MOTHER CECILIA: If the role of prioress is understood correctly, then indeed she could be a role model for girls of our day, especially considering what our modern pop culture offers. The position of superior in any religious community is not one to be sought after, but a heavy burden to be accepted, and then only when it is the clear will of God. A good prioress must be willing to completely empty herself in order to be a channel of God’s grace, allowing her to be all things to the particular souls entrusted to her care. It is not a position of dictatorship, but one of love and service. Yes, there is no doubt that if faithful religious became the role model for young women, our world would rapidly become a very different place in which to live, for the better!
KJL: How can Mary be accessible or relevant to the modern woman?
MOTHER CECILIA: A modern mentality has foisted a false image of femininity on our generation in such a way, that we have forgotten what it means to be a woman. Our Lady’s gentleness, hiddenness, and joy in being so, makes her a model of what we ought to be. In Our Lord’s public life, she recedes in silence, and lays hold of the most powerful means of evangelization: contemplative prayer. By her interior attentiveness and faithful response to the Lord, she did more good for the Church and the world than all of the Apostles with their many grueling labors put together. Mary can teach us that our good is not to be found in climbing the social ladder or landing a successful job, but in our fidelity in corresponding with God’s grace.
KJL: What would you like the world to know about life at Ephesus, Missouri?
MOTHER CECILIA: I think some folks who come here are a little taken aback by what they see. Young women who come to discern their vocations have expected to experience time thick with music practices, vocal training and music writing. That is not what they find at all. The recordings that we have put out are totally nonessential to our monastic existence. Nevertheless, they convey something that is essential: our seeking the source of beauty, God Himself, and letting Him perform His miraculous work of beauty on our souls. We live a simple life, following closely the Rule of Saint Benedict with its peaceful alternation of singing God’s praises eight times a day in our oratory, and living out that same praise in silence and manual labor. We are a supremely joyful family that the Lord has called together from all walks of life and all over the country, whose hearts are bound tightly together by Him.
KJL: How are your Benedictine sisters “Love in the heart of the Church”? Can anyone be?
MOTHER CECILIA: The physical heart is unseen by men’s eyes, yet it is the prime mover of life-giving nutrition, pumping life and health into all parts of the body. In like manner, contemplative souls who are united in love to God’s own Heart, vivify every member of the Church, which is nothing less than Christ’s mystical body. Though we contemplatives are hidden from the eyes of the world just as the physical heart is, we too are indispensable for the supernatural life that flows throughout the Church. United to Christ, our love takes on eternal value, and becomes all-powerful. Our Lord pours out this love upon the Church, and most especially on our priests, the dispensers of His sacramental grace. While all souls who are united to God by sanctifying grace make up the streams of love in the Church, I don’t think I am mistaken in saying that it is the contemplative soul who more completely buries herself in the depths of the Church’s heart, as she has made a complete and total holocaust of her entire being, vowing to God that she will live in and for Him alone. And how the good God will make use of this little offering of her life she will only know in heaven!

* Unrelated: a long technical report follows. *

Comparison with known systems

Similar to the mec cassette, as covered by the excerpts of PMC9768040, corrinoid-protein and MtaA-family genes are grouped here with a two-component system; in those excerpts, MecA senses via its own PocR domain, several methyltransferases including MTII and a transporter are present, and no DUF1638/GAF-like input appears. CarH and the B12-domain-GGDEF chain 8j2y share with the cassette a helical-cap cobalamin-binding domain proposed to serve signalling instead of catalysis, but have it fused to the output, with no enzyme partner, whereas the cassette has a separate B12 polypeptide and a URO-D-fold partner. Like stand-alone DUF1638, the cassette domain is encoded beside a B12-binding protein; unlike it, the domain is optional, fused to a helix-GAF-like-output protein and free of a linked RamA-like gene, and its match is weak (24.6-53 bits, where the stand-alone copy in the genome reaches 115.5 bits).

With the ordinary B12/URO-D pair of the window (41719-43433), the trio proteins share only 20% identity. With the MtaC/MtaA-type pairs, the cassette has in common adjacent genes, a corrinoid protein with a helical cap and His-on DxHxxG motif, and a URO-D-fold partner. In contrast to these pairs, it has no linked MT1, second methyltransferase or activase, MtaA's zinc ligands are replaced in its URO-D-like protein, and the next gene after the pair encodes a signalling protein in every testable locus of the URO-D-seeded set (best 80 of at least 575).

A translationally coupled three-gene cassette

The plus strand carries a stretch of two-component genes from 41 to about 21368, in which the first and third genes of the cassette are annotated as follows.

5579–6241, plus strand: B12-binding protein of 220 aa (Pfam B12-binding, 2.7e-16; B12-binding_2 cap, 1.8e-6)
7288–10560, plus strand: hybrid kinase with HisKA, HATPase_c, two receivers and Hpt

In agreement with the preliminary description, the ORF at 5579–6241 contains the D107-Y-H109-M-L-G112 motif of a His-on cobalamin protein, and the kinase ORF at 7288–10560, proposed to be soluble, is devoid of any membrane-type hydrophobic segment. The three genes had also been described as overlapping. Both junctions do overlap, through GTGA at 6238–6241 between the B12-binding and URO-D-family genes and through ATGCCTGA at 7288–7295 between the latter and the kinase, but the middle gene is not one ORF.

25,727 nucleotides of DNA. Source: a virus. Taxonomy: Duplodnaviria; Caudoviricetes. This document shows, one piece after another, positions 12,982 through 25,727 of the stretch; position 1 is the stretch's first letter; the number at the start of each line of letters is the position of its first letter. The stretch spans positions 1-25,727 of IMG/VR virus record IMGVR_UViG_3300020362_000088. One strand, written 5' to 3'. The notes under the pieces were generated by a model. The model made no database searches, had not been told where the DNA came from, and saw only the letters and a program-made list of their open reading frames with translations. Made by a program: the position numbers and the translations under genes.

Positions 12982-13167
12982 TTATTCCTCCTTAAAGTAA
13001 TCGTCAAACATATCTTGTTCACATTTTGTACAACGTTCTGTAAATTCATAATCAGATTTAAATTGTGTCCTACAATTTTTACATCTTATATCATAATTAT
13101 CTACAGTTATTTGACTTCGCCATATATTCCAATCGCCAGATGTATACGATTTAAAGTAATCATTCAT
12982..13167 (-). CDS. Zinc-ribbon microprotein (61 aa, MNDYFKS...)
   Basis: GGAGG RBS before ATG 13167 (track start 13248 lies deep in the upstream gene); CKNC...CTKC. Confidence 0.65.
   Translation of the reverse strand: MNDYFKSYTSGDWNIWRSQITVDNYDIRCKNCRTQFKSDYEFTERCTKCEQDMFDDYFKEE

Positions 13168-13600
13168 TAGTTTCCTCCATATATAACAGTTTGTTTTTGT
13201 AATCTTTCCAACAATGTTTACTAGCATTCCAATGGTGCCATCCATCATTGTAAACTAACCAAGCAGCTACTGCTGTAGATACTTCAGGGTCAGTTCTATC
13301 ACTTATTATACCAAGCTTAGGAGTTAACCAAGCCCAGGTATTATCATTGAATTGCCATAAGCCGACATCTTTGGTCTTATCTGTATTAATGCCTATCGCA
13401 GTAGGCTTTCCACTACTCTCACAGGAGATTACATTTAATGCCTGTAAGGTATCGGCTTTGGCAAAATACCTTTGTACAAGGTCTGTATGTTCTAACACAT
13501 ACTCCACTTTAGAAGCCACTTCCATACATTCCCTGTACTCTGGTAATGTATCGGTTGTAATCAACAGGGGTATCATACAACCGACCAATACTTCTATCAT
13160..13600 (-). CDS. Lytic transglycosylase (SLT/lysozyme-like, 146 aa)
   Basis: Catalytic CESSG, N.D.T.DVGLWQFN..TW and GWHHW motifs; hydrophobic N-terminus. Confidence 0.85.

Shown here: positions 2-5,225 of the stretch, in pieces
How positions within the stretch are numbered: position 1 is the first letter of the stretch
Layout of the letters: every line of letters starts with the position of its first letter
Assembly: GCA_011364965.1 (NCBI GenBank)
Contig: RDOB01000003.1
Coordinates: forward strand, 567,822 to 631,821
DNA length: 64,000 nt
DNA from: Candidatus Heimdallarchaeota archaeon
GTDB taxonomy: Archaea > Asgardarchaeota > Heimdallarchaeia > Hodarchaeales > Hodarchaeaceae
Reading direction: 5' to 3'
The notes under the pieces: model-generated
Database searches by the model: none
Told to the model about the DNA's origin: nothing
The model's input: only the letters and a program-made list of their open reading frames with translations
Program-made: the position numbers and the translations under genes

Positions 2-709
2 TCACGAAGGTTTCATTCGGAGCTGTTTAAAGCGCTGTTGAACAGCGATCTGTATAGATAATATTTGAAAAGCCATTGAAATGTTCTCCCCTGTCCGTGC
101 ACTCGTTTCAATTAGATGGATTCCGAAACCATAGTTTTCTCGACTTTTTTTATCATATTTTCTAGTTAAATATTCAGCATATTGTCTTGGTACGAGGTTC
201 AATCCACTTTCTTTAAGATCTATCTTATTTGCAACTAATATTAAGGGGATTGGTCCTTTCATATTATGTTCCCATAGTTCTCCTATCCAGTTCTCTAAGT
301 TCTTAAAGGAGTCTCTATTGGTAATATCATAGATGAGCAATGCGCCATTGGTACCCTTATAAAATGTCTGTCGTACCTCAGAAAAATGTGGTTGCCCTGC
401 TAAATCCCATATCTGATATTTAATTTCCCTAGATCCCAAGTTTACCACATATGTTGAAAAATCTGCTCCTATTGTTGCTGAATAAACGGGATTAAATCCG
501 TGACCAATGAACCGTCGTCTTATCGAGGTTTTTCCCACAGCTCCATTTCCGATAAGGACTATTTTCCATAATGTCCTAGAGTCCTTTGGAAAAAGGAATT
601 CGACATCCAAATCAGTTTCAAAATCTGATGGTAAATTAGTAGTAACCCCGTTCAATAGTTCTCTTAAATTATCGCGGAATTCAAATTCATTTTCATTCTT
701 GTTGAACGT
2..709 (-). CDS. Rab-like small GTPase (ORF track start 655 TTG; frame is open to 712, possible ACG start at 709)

KJL: What’s the Benedictine difference and how can this encounter with the culture lend the rest of us some aid?
MOTHER CECILIA: The Benedictine answer has been throughout the centuries: “be the change you want to see in others.” We live the life of the Church at a microcosmic level. The life of the Church is exercised principally through her liturgy. The Mass takes pride of place, and the chanted hours of the divine office emanate from and orbit around it. This prayer is truly the center of “culture,” which is derived from cultus, worship. It is the core of our monastic existence, and dictates the rest of our actions, our silence, and our charity toward one another. The Liturgy is exercised in the course of life, an even balance of prayer and work, of feasting and fasting to the rhythm of the liturgical cycle. It restores order to the soul, and by this devotion to prayer and to work, Benedictine monasteries have sanctified their surroundings and civilized nations, revitalized agriculture, stabilized economies and fostered genius in art and science by keeping everything centered on God and the proper worship of Him.
KJL: Is there more music to come?
MOTHER CECILIA: We currently have plans to record a third album with DeMontfort Music for the season of Lent. Perhaps all of your readers could pray for the success of this latest endeavor. May our dear Lord use these little instruments as He pleases, to bring many souls close to His Heart, the source of all our good!